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The American Angle on David Cameron's Social Media Censorship Moment

BY Nick Judd | Monday, August 22 2011

The "special relationship" between the United States and United Kingdom apparently went unscathed earlier this month when British Prime Minister David Cameron attacked one of the U.S. State Department's pet causes, ... Read More

In the UK, Online Petitions Are Gaining Steam

BY Nick Judd | Tuesday, August 16 2011

A new online petition initiative in the United Kingdom is so popular that its website crashed on its first day in operation — so popular, in fact, that it has some people worried that too much democracy might be a ... Read More

On The British Government's Study of Banning Criminal Suspects From Social Media

BY Nick Judd | Thursday, August 11 2011

The British government believes it may be able to prevent the kind of destruction that happened to the Croydon building pictured above during recent riots by banning suspected criminals from social media. Photo: Peter G. ... Read More

A Call to Curtail London Rioting Focuses on 'Encrypted' Mobile Messaging Service

BY Nick Judd | Tuesday, August 9 2011

A member of British Parliament representing ground zero for the riots now rocking that country on Tuesday called for the maker of the BlackBerry mobile phone to suspend its popular BlackBerry Messaging Service tonight. ... Read More

British MPs Take a Close Look at Government IT 'Oligopoly' of Major Vendors

BY Nick Judd | Friday, July 29 2011

Writing for The Guardian, Michael Cross digs in to a report on British government IT that finds the folks across the pond are over-reliant on large contractors for their IT needs: The central charge is that governments ... Read More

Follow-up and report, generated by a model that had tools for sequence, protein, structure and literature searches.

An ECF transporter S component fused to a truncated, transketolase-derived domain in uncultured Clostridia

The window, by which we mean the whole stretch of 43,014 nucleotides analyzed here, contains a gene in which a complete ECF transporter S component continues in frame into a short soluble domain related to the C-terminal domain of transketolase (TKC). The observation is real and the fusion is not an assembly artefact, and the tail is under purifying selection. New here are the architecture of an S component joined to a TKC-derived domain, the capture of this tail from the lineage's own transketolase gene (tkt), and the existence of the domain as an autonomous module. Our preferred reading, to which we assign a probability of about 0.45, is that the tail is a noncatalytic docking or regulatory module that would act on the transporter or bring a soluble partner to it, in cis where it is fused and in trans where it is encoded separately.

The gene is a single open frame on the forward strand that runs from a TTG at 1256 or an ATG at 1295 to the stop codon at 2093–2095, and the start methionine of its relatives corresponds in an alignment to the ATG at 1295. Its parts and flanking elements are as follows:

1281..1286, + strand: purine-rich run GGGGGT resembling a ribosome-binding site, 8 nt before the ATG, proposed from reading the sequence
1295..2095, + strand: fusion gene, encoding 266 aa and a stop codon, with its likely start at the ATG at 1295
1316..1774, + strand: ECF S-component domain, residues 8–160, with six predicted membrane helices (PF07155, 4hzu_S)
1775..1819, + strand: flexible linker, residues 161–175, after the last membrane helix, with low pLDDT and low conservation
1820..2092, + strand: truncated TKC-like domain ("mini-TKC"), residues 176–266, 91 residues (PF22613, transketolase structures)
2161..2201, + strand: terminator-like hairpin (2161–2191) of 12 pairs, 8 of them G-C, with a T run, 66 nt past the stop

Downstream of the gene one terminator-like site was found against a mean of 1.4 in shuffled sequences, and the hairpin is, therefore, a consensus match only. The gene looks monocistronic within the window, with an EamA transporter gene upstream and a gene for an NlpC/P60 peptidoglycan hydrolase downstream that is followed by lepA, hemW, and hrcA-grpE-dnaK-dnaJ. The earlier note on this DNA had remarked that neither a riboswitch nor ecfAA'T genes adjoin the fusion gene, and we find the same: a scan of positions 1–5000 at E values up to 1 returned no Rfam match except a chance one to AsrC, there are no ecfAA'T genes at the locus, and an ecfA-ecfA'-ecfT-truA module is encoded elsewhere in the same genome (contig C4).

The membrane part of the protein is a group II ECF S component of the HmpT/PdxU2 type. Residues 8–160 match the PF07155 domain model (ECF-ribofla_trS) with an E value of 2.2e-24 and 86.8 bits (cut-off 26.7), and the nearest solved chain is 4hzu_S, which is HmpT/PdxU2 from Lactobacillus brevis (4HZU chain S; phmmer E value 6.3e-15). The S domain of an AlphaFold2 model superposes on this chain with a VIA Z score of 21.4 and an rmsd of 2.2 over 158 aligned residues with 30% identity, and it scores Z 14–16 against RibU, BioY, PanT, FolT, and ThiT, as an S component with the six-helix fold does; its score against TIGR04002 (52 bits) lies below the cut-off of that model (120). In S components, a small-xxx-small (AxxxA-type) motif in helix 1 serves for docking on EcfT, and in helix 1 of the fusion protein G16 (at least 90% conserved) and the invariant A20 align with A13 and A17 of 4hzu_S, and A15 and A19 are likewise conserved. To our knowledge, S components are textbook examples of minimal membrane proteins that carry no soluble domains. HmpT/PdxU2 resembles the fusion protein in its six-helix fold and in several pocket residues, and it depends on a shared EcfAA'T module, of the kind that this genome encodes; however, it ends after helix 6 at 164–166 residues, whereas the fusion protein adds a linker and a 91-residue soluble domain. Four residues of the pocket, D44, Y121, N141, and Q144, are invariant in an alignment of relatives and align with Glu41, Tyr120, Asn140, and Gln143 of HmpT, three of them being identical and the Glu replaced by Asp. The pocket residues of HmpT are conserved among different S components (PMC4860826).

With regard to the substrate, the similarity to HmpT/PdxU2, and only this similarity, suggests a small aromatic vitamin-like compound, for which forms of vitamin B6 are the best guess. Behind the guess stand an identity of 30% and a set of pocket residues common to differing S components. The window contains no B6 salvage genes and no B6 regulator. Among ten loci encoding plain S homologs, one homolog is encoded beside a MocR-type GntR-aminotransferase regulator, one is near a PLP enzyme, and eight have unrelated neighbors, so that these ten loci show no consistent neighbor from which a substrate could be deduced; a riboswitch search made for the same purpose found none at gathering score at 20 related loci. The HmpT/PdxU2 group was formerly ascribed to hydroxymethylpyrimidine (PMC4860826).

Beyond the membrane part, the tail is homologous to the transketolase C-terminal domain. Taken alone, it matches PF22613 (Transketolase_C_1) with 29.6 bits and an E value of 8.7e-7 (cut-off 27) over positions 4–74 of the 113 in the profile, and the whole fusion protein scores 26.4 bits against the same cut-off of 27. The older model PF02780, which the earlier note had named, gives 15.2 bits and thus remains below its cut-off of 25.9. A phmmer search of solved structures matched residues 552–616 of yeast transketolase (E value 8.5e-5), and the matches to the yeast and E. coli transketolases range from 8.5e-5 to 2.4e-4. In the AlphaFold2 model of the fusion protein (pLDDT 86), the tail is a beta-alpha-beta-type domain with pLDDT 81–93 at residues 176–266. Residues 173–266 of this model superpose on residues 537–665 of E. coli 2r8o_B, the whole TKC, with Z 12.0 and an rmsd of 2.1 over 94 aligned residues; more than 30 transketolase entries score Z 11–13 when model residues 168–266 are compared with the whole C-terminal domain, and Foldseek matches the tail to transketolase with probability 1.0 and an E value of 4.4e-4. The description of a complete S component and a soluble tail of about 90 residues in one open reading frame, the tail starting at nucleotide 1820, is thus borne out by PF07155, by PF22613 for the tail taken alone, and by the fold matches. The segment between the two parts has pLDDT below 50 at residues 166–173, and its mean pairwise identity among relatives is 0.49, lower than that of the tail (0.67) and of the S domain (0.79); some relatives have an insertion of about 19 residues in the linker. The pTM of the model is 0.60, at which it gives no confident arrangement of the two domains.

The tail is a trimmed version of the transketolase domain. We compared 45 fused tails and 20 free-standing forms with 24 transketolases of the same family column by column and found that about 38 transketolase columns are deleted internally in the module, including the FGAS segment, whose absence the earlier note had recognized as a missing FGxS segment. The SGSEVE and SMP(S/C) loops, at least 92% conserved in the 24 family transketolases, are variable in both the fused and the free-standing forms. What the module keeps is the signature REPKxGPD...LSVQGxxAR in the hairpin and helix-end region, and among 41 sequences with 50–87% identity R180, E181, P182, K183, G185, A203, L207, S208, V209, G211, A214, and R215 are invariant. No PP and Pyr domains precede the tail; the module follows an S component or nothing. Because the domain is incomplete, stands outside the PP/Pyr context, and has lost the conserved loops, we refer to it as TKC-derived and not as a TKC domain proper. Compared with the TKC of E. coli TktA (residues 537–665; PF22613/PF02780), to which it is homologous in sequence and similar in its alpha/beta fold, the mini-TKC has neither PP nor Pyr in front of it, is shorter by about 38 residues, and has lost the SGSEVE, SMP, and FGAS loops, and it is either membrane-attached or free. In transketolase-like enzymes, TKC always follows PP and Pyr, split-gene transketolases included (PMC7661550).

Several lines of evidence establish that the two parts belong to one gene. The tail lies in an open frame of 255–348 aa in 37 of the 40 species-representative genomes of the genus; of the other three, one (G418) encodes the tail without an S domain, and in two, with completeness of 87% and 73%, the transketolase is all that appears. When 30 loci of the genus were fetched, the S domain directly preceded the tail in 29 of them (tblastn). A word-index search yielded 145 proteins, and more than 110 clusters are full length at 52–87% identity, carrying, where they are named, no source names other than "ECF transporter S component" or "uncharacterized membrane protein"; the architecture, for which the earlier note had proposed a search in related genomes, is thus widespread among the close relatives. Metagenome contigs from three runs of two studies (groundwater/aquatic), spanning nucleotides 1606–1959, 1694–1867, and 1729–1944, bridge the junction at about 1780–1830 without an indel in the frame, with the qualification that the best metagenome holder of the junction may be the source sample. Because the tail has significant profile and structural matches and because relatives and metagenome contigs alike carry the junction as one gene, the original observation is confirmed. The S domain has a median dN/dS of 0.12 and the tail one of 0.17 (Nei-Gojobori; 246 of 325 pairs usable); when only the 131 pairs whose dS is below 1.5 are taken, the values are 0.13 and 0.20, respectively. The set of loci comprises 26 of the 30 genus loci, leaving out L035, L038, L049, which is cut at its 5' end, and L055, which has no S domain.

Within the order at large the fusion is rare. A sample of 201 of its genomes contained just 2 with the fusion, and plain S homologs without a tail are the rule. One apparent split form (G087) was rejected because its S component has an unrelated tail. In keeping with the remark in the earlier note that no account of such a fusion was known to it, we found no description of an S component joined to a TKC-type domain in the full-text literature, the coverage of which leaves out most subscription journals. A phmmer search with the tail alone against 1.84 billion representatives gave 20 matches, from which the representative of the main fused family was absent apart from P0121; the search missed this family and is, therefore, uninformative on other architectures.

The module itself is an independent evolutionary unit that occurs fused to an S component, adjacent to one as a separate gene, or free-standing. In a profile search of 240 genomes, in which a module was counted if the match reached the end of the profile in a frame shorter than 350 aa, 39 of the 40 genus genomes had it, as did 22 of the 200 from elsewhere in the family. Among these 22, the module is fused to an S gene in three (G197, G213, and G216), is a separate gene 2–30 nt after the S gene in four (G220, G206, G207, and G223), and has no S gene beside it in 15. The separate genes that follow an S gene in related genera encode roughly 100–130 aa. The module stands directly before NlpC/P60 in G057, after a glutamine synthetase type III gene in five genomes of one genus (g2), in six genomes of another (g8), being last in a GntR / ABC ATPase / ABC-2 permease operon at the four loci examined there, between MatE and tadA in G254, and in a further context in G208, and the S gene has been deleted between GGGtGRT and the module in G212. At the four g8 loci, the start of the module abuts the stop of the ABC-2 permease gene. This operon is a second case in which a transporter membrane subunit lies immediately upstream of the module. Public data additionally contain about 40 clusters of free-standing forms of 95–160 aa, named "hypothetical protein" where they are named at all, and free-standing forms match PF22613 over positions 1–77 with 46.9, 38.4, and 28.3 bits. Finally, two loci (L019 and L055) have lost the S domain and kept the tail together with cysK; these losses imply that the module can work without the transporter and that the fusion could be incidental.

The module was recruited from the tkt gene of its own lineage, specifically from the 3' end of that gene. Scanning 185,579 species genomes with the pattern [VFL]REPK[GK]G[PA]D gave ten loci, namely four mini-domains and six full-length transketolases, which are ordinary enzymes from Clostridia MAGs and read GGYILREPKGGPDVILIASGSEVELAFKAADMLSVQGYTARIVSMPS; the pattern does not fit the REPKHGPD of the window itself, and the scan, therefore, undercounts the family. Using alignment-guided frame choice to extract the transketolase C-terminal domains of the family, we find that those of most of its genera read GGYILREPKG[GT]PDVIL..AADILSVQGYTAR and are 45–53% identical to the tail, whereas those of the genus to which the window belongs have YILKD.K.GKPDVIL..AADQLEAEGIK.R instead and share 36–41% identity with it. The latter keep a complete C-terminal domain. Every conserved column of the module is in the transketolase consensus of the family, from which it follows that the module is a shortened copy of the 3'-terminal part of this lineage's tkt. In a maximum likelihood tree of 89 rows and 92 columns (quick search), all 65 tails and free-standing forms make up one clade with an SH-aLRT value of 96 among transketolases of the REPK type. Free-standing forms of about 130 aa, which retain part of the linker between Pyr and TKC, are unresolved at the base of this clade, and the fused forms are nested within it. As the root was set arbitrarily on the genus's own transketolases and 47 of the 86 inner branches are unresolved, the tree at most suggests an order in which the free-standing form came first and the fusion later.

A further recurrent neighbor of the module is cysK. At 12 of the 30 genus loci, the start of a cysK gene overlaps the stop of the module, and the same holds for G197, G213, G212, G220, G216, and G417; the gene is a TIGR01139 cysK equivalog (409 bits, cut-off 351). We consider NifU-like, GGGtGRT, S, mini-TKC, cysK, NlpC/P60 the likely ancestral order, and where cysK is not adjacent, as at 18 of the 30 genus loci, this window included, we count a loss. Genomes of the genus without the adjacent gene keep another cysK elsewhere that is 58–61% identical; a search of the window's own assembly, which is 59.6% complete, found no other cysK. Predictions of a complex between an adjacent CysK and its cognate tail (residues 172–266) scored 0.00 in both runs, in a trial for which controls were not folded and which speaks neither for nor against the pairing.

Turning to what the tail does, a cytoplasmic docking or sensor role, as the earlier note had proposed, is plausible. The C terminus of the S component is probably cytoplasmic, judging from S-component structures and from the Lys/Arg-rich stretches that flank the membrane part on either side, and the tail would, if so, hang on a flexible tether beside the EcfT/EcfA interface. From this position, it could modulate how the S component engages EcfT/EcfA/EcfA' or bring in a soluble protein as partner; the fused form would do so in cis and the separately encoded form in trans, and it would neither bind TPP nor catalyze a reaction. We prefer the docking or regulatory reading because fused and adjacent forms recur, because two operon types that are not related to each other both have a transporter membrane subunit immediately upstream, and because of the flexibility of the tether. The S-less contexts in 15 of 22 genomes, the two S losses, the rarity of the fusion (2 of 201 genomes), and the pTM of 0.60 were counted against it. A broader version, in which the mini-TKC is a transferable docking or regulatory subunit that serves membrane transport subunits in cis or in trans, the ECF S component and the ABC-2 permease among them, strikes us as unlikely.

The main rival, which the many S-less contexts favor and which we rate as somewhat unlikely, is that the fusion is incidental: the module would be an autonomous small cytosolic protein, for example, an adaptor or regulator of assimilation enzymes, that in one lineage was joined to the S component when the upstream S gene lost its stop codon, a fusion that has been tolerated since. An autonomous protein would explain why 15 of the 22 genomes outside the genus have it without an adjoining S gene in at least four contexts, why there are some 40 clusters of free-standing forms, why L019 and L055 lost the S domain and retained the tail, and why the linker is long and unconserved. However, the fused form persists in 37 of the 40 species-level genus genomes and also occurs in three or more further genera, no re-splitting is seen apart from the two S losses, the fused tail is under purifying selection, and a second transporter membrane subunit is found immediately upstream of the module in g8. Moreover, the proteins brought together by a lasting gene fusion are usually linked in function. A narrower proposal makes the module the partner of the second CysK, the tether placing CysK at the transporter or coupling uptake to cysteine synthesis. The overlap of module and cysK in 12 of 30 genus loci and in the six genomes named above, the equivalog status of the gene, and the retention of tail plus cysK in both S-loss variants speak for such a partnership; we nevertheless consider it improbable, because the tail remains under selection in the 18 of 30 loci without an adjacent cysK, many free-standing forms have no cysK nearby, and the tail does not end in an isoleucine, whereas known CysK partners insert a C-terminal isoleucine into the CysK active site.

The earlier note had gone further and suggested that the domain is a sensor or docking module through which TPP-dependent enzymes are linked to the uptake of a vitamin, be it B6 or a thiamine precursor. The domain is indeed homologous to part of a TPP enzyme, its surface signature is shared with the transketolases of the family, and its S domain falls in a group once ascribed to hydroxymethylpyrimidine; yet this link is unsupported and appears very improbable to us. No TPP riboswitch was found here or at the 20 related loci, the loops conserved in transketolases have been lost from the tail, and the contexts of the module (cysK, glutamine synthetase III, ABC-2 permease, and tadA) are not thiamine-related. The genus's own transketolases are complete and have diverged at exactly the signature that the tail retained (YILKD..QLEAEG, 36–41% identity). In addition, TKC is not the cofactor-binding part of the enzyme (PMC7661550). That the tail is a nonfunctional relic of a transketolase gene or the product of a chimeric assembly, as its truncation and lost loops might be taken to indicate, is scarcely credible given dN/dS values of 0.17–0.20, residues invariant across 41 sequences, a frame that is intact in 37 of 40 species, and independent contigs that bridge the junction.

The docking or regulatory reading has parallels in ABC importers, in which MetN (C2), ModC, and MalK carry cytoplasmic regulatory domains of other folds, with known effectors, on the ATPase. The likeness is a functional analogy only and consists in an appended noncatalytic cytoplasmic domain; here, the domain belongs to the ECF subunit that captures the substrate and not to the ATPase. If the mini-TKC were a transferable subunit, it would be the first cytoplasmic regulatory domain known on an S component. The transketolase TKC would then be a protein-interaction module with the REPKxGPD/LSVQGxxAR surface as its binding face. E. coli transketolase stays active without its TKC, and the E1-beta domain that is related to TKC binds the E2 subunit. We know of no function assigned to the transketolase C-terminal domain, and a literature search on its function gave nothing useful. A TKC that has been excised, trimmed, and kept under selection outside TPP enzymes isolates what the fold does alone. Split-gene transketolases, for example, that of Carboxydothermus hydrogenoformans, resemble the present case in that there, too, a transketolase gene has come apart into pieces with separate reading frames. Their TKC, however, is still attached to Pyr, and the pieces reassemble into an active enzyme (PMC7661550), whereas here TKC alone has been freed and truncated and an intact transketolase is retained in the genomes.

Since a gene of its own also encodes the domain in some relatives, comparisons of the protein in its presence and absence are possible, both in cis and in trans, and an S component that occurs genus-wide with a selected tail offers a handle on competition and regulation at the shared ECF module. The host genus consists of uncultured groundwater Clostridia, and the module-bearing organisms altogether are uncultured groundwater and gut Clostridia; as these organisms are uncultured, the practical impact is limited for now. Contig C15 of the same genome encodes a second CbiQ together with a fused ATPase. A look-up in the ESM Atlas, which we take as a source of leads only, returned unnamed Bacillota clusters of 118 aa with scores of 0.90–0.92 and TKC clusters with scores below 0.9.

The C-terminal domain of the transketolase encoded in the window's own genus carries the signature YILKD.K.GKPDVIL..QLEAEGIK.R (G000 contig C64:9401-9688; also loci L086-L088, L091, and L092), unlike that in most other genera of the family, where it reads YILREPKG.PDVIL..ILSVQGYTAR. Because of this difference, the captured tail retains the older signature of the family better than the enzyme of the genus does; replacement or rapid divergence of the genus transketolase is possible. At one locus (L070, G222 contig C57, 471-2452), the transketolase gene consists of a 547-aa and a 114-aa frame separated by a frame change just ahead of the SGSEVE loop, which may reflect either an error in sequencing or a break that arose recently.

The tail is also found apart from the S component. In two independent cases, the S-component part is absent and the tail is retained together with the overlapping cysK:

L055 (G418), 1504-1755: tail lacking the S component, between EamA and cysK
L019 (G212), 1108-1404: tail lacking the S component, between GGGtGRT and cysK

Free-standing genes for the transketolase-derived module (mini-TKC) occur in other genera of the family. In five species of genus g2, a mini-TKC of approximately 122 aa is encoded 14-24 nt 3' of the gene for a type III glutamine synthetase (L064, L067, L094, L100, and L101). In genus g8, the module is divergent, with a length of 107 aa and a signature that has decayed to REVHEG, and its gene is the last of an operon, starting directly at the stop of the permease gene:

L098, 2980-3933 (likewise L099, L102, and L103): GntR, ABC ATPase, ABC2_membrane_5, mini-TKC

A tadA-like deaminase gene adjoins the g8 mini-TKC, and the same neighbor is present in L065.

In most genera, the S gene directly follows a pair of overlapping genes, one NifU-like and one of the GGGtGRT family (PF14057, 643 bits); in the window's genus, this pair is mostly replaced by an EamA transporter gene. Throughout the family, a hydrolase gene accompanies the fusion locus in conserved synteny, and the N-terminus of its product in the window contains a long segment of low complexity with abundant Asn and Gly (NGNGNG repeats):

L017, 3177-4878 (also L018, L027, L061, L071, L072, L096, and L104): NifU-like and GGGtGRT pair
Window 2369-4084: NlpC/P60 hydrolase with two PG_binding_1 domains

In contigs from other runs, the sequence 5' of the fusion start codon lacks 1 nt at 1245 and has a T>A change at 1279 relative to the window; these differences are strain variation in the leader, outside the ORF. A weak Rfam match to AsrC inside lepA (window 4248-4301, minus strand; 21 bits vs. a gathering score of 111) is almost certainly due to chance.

Of #Splat and Alleged Skulduggery

BY Nick Judd | Tuesday, July 19 2011

Other folks are providing wall-to-wall coverage of all things News Corp., from Rupert Murdoch's testimony today before British Parliament to the unease-causing closeness there seems to have been between British ... Read More

After Hacking Attack, Fox News Twitter Account Falsely Claims Obama 'Assassinated'

BY Nick Judd | Tuesday, July 5 2011

The Fox News Twitter account @foxnewspolitics was hacked over the weekend, and Fox News has said the hackers were behind a series of tweets sent on Monday that falsely said President Barack Obama had been assassinated. ... Read More

The Europe Roundup: The Danger of Transparency

BY Antonella Napolitano | Wednesday, June 29 2011

Slovakia | The danger of transparency A couple of weeks ago the winners of the Open Data Challenge were announced at the First Digital Agenda Assembly in Brussels. Best in the application category was ZNasichDani.sk ... Read More

Opening Parliament, Too, to the iPad

BY Nancy Scola | Tuesday, January 4 2011

Photo credit: UK Parliament Read More

In the Future, Will 'Big Brother' Watch You, Or Will Your Neighbors?

BY Nick Judd | Monday, November 15 2010

A recent report to British Parliament found an increasing trend towards crowdsourced surveillance — in which monitoring of cameras in public spaces is left to the crowd crowd. Photo: Zigazou / Flickr The city of ... Read More

News Briefs

RSS Feed tuesday >

Ruck.us Reboots As a Candidate Digital Toolkit That's a Bit Too Like Democracy.com

Ruck.us launched with big ambitions and star appeal, hoping to crack the code on how to get millions of people to pool their political passions through their platform. When that ambition stalled, its founder Nathan Daschle--son of the former Senator--decided to pivot to offering political candidates an easy-to-use free web platform for organizing and fundraising. Now the new Ruck.us is out from stealth mode, entering a field already being served by competitors like NationBuilder, Salsa Labs and Democracy.com. And strangely enough, Ruck.us seems to want its early users to ask Democracy.com for help. GO